Hi Zjakki. How long have you been a Frank Zappa fan? How did you discover him?
A friend from Quebec had told me Zappa would be performing at the Centre for Fine Arts. As a very young student – I was 17 – I went to that concert and it blew my mind. I had no Zappa records back then; I actually only had two albums, one by Jimi Hendrix and one by Crosby, Stills, Nash & Young. In those years, it was hard to find that underground music here and, of course, the internet didn’t yet exist. Music news was shared by word of mouth. For instance, I had heard a few things about Zappa, but I had never heard his music. After that concert in 1970, I then hitchhiked to Amsterdam to look for his records, which were on sale there by then. Zappa’s been a part of my life ever since.
"There was outrage that those 'long-haired hippies' were playing in the posh Centre for Fine Arts."
Was the concert at the Centre for Fine Arts the first introduction to Zappa for Belgian audiences too?
Zappa’s debut album Freak Out had been out for four years at the time, but it was his very first concert in Belgium. He had been an MC at the 1969 Amougies Festival in Hainaut, where he jammed along to one song with Pink Floyd.
What is your memory of Zappa’s concert at the Centre for Fine Arts in 1970?
Back then, there was a lot of experimentation with music in an often groundbreaking way. Just think of Jimi Hendrix, the early days of Pink Floyd, The Velvet Underground, Soft Machine, etc. Zappa’s 1970 concert was all that and, at the same time, much more. The Mothers of Invention played rhythm and blues with Igor Stravinsky-like classical and doo-wop with percussion that could have belonged to Edgar Varèse. It wasn’t just a concert; it was a performance. All sorts of things were happening, sometimes crazy things that reminded me of Monty Python. After that, I started listening to Zappa with increasing frequency, and it’s only in retrospect that I fully realised what I heard and saw at the Centre for Fine Arts that 16 December 1970. It was my first, but obviously not my last, Zappa concert. I saw him a total of about 20 times and also interviewed him several times. I have travelled to Paris, Milan, London, Frankfurt, and more to go to Zappa concerts.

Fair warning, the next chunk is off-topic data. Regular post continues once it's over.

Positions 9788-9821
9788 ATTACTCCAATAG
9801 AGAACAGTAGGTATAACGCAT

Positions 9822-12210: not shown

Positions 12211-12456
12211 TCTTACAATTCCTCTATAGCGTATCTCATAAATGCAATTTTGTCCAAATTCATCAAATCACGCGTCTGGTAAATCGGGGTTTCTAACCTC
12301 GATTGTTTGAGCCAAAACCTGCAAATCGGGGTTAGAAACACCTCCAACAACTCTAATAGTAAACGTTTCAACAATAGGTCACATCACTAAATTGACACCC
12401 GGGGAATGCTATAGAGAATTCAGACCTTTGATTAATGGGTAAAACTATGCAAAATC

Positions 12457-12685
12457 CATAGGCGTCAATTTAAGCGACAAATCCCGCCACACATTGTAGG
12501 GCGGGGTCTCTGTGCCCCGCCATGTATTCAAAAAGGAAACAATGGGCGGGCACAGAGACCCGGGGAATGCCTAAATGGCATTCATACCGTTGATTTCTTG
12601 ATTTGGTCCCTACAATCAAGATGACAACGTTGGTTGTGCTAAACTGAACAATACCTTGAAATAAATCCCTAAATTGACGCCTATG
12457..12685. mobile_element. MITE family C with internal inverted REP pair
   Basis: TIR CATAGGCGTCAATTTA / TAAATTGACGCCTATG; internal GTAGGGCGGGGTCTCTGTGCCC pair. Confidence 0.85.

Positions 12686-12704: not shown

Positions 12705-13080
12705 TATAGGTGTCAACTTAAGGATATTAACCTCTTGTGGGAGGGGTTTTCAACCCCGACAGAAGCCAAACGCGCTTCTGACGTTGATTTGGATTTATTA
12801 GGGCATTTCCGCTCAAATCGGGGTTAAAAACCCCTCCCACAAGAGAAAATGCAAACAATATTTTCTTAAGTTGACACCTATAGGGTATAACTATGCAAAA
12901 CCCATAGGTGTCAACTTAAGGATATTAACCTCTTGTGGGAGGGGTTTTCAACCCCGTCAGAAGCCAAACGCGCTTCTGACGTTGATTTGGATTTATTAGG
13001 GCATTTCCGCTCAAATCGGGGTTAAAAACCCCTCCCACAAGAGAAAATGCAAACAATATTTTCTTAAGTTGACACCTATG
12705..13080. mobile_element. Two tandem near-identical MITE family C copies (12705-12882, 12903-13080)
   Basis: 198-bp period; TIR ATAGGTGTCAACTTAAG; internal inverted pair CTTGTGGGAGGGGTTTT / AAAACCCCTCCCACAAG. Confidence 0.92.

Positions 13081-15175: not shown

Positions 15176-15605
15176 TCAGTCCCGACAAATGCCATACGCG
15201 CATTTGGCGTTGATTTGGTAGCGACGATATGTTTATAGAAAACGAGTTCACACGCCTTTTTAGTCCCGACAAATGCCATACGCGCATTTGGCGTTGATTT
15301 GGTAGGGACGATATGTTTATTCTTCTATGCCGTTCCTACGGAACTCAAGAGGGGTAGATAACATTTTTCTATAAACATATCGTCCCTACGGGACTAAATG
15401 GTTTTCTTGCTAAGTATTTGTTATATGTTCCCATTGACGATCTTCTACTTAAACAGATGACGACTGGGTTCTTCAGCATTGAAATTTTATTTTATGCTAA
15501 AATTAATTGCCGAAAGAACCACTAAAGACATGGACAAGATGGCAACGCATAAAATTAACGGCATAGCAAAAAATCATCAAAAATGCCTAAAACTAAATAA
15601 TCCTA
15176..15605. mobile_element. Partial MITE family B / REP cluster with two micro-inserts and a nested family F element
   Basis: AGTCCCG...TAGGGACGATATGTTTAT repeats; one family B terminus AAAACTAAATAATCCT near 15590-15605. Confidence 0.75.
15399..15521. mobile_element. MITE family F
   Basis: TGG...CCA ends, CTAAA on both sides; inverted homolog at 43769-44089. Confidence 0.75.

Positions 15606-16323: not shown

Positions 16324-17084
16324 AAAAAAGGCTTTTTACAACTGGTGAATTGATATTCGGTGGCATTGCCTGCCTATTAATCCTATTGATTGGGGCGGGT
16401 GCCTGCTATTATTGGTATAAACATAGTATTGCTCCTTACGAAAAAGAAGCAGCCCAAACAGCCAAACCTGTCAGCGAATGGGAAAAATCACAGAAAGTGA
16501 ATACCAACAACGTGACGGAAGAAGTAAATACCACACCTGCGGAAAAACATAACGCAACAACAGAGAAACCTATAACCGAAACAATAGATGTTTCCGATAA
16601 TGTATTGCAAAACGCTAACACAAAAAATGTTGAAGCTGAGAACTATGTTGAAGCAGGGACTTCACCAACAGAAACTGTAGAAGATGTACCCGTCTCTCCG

What did the concert mean for the Centre for Fine Arts and the public?
It was very special, including for the Centre for Fine Arts. The Palais back then wasn’t what Bozar is today, a place where all kinds of music can be enjoyed. Back then, it was almost exclusively for classical music. I don’t know who came up with the idea of inviting Zappa, but that was actually unheard of at the time. There was outrage that those “long-haired hippies” were playing in the posh Centre for Fine Arts. The audience was also pretty atypical. There was a big hippie vibe; people were often massively surprised during the concert. It was so hard to get records back then that most attendees weren’t really familiar with Zappa’s music. Back then, as a music lover, you went to a concert without having heard the music because there were so few concerts. That’s how you discovered new music.
"The Mothers of Invention played rhythm and blues with Igor Stravinsky-like classical and doo-wop with percussion that could have belonged to Edgar Varèse. It wasn’t just a concert; it was a performance. All sorts of things were happening, sometimes crazy things that reminded me of Monty Python."
What makes Frank Zappa such a special artist?
Zappa broke many boundaries and was many things at once: a genius composer, an excellent guitarist, a sharp lyricist, a conceptual artist, performance artist, filmmaker… Musically, he experimented with very diverse genres: classical, avant-garde, experimental jazz, rock, doo-wop, rhythm and blues… He disregarded pigeonholing and broke boundaries in a genius way. Moreover, everything in his work is interconnected, a phenomenon he himself calls ‘conceptual continuity’. You can’t easily understand Zappa because his music is very layered and everything is connected and refers to each other: concerts, record covers, albums, films, interviews – there’s that common thread in everything. What many don’t know is that he started out as a classical composer. Then he started making rock music because he couldn’t get his classical work to sell, but he’s always woven those genres together. You’ll also experience that during Zappa. Yes. Yes. Yes. at Bozar.
Keep scrolling to discover the entire programme for Zappa. Yes. Yes. Yes. on 2 and 3 December at Bozar.